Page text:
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Multicenter Study
, 78 (2), 289-94

Outcomes Following Prolonged Mechanical Ventilation: Analysis of a Countywide Trauma Registry

Multicenter Study

Outcomes Following Prolonged Mechanical Ventilation: Analysis of a Countywide Trauma Registry

Jerry A Rubano et al. J Trauma Acute Care Surg.


Background: The care of mechanically ventilated patients at high-volume centers in select nontrauma populations has variable effects on outcomes. We evaluated outcomes for trauma patients requiring prolonged mechanical ventilation (PMV). We further hypothesized that the higher mechanical ventilator volume trauma center would have better outcomes.

Methods: A retrospective review of a county's trauma registry was performed for trauma patients who were at least 18 years old admitted from 2006 to 2010. Eleven hospitals serve this suburban county, with a population of approximately 1.5 million people. The state has designated them as nontrauma centers (n = 6), area trauma centers (ATCs, n = 4), or regional trauma center (RTC, n = 1), where the last one provides the highest echelon of care. Patients requiring mechanical ventilation for at least 96 hours following injury were evaluated.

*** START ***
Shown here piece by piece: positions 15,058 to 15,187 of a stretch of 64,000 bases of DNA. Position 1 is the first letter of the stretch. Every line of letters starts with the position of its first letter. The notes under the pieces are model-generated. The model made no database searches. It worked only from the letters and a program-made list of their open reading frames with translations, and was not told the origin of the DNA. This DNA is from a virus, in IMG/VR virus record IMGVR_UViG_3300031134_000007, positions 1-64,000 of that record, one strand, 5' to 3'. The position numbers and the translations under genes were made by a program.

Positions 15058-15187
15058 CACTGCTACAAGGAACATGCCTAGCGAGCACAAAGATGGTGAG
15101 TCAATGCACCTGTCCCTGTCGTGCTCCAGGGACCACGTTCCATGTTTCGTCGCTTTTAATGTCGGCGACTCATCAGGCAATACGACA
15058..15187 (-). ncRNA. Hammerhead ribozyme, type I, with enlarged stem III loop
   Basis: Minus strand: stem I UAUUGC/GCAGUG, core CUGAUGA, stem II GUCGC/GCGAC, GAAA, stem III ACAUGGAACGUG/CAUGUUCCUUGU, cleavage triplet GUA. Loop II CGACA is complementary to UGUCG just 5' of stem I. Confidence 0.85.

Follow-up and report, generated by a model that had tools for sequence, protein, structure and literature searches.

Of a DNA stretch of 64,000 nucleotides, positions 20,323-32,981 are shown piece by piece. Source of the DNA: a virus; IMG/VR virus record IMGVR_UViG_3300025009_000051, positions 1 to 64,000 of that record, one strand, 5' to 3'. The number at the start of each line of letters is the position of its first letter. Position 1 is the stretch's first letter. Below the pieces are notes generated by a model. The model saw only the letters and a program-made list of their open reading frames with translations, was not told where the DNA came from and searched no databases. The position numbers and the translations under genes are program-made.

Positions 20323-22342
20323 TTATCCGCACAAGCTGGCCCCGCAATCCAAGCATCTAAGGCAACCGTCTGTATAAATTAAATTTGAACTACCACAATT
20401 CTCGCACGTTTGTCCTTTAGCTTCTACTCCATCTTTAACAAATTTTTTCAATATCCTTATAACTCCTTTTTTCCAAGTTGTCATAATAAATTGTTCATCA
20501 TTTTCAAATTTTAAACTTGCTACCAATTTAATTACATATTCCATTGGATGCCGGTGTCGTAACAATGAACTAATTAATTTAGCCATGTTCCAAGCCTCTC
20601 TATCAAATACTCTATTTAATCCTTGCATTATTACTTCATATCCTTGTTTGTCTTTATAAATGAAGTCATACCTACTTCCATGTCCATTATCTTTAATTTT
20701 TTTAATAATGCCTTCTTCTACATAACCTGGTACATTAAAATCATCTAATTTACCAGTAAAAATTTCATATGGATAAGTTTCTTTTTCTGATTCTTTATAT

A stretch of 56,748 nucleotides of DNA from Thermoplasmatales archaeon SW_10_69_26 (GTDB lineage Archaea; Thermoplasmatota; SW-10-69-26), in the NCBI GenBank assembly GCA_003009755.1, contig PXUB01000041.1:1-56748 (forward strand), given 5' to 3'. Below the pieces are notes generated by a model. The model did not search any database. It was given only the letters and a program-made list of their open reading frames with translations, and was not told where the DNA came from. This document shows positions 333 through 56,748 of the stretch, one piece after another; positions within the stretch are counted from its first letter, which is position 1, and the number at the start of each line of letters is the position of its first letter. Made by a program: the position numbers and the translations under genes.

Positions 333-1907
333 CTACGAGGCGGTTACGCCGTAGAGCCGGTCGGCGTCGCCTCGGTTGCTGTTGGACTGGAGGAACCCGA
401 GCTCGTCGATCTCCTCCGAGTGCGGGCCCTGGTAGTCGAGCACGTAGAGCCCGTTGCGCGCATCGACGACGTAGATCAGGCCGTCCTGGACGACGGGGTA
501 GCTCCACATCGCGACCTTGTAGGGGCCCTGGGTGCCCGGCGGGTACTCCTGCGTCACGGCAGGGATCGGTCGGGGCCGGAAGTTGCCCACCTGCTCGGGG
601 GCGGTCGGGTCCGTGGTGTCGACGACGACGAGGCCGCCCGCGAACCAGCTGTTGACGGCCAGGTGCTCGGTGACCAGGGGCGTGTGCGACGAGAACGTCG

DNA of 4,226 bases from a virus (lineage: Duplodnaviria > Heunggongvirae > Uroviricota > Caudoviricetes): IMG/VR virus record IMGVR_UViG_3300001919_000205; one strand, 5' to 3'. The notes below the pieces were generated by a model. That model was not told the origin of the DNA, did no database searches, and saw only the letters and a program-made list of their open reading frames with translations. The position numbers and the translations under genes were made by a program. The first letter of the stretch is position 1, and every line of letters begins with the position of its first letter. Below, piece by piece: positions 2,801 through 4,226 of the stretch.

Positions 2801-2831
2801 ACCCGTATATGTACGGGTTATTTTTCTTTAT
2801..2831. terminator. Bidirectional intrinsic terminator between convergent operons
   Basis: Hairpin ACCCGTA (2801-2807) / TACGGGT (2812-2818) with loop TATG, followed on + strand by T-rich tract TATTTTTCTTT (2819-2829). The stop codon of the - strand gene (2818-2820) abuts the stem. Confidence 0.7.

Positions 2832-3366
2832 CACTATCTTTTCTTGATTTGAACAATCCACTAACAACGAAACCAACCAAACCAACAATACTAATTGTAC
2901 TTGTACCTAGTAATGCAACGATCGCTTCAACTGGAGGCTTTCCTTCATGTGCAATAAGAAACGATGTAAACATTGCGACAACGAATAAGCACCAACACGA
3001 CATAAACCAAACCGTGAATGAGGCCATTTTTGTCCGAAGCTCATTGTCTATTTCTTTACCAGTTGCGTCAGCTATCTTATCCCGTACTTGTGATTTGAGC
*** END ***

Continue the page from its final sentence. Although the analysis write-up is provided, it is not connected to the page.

Results: A total of 3,382 trauma patients were admitted to the RTC, and 5,870 were admitted to the other 10 hospitals in the county. Seven hundred seventy-one received mechanical ventilation at the RTC, and 687 at the other 10 hospitals combined. Of these patients, 407 at the RTC and 308 at the remaining facilities (291 at ATCs and 17 at nontrauma centers) required PMV. Median (interquartile range [IQR]) Injury Severity Score (ISS) at the RTC was higher (29 [21-41] vs. 22 [16-29] p < 0.001) than that at ATCs. Hospital length of stay (in days) was comparable between the RTC and ATCs (28 [18-45] vs. 26 [16-44.7]). With regard to complications, rates of renal failure, sepsis, and myocardial infarction were similar. The RTC had higher pneumonia rates (59% vs. 45.4%, p < 0.001) and venous thromboembolic disease rates (20.4% vs. 10.4%, p < 0.001) than did ATCs. In-hospital mortality was 17% at the RTC and 34.4% at ATCs (p < 0.001).

Conclusion: A mortality benefit but higher VTE and pneumonia rate for PMV patients at the RTC was noted. Collaborative practice initiatives are warranted to reduce morbidity and mortality across the region.

Level of evidence: Epidemiologic study, level IV.

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